Chinese stocks ended a holiday-shortened week on a mixed note. China’s markets were closed Friday for the weeklong National Day holiday starting on October 1. Positive news concerning indebted property developer China Evergrande Group supported investor sentiment. On Wednesday, Evergrande said that one of its units would sell roughly 20% of its stake in Shengjing Bank Co. to a state-owned enterprise for $1.5 billion to help reduce its debt load. News of the asset sale came as Beijing is prodding government-owned companies and state-backed property developers to buy some of Evergrande’s assets.

 

Oil Sector Performance

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Positive momentum in energy prices fed into the inflation narrative, as reports discussed fuel shortages in the UK and an energy crunch in China. Market sentiment also remained strong with tighter supply and recovering demand with the easing of COVID-19 pandemic restrictions.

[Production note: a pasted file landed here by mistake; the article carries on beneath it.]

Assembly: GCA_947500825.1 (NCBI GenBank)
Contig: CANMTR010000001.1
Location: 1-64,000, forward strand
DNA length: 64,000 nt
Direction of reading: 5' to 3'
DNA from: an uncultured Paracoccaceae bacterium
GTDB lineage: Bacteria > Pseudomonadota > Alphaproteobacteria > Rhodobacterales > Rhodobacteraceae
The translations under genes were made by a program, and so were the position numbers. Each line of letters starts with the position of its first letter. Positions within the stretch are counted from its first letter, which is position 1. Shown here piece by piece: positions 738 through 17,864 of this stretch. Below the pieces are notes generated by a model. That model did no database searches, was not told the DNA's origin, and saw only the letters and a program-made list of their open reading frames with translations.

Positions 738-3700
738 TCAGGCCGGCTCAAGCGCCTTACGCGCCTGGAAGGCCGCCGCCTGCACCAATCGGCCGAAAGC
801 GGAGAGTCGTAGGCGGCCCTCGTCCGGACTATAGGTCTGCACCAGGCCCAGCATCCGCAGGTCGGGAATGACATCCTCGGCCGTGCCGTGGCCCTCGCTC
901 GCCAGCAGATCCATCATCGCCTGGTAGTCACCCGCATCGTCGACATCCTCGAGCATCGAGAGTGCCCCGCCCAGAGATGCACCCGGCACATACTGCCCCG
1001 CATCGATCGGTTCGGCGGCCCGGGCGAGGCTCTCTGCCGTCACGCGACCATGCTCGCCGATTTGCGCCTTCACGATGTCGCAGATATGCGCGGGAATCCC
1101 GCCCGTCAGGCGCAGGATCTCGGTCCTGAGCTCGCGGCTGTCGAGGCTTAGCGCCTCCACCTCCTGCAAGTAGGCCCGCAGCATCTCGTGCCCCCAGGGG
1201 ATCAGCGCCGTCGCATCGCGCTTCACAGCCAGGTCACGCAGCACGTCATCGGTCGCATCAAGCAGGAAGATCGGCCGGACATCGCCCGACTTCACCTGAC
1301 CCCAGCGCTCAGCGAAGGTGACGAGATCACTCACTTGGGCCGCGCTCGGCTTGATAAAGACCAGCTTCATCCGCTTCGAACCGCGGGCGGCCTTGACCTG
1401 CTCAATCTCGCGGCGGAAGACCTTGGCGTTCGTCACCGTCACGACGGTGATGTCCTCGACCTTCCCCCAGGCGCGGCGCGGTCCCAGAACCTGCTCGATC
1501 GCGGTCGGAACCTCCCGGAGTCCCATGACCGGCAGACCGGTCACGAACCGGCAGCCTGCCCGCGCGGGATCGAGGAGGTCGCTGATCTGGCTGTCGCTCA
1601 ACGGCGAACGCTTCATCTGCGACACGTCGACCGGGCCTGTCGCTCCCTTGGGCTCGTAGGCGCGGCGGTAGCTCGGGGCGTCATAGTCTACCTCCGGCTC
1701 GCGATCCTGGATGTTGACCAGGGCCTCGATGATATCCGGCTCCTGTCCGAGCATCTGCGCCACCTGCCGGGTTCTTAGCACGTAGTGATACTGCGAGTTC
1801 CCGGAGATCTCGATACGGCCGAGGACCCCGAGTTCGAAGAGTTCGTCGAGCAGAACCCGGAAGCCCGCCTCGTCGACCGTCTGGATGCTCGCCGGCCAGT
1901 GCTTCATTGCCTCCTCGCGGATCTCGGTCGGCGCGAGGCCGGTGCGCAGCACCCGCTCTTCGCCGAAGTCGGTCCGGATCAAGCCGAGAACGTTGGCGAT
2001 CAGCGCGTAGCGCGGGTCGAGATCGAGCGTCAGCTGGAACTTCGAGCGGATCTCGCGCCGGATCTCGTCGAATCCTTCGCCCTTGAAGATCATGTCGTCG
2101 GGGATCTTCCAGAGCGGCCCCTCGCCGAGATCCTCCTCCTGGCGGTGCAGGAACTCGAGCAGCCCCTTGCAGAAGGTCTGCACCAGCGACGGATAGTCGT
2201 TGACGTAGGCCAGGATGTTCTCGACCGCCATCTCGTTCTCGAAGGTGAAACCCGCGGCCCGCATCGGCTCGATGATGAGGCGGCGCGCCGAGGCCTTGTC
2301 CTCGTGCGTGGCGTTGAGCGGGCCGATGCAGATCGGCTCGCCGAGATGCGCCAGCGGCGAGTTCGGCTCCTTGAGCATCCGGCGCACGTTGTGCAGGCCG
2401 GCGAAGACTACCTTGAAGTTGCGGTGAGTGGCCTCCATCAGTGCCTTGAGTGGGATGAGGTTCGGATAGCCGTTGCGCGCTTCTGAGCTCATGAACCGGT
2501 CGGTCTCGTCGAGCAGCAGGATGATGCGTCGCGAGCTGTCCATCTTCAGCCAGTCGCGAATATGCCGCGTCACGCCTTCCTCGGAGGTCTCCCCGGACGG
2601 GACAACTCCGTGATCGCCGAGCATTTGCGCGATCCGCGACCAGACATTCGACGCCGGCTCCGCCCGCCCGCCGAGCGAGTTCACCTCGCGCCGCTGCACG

The price however, dropped a little on the prospect that the OPEC+ supplier alliance might step up a planned increase in output to ease supply concerns, with soaring gas prices spurring power producers to switch from gas to oil.

The Brent topped $80 a barrel earlier in the week for the first time in three years, before eased later in the week. The WTI also retreated toward $74 a barrel.

All eyes are now on a meeting of the OPEC+, led by Russia, on Monday, where producers will discuss whether to go beyond their existing deal to boost production by 400,000 bpd in November and December.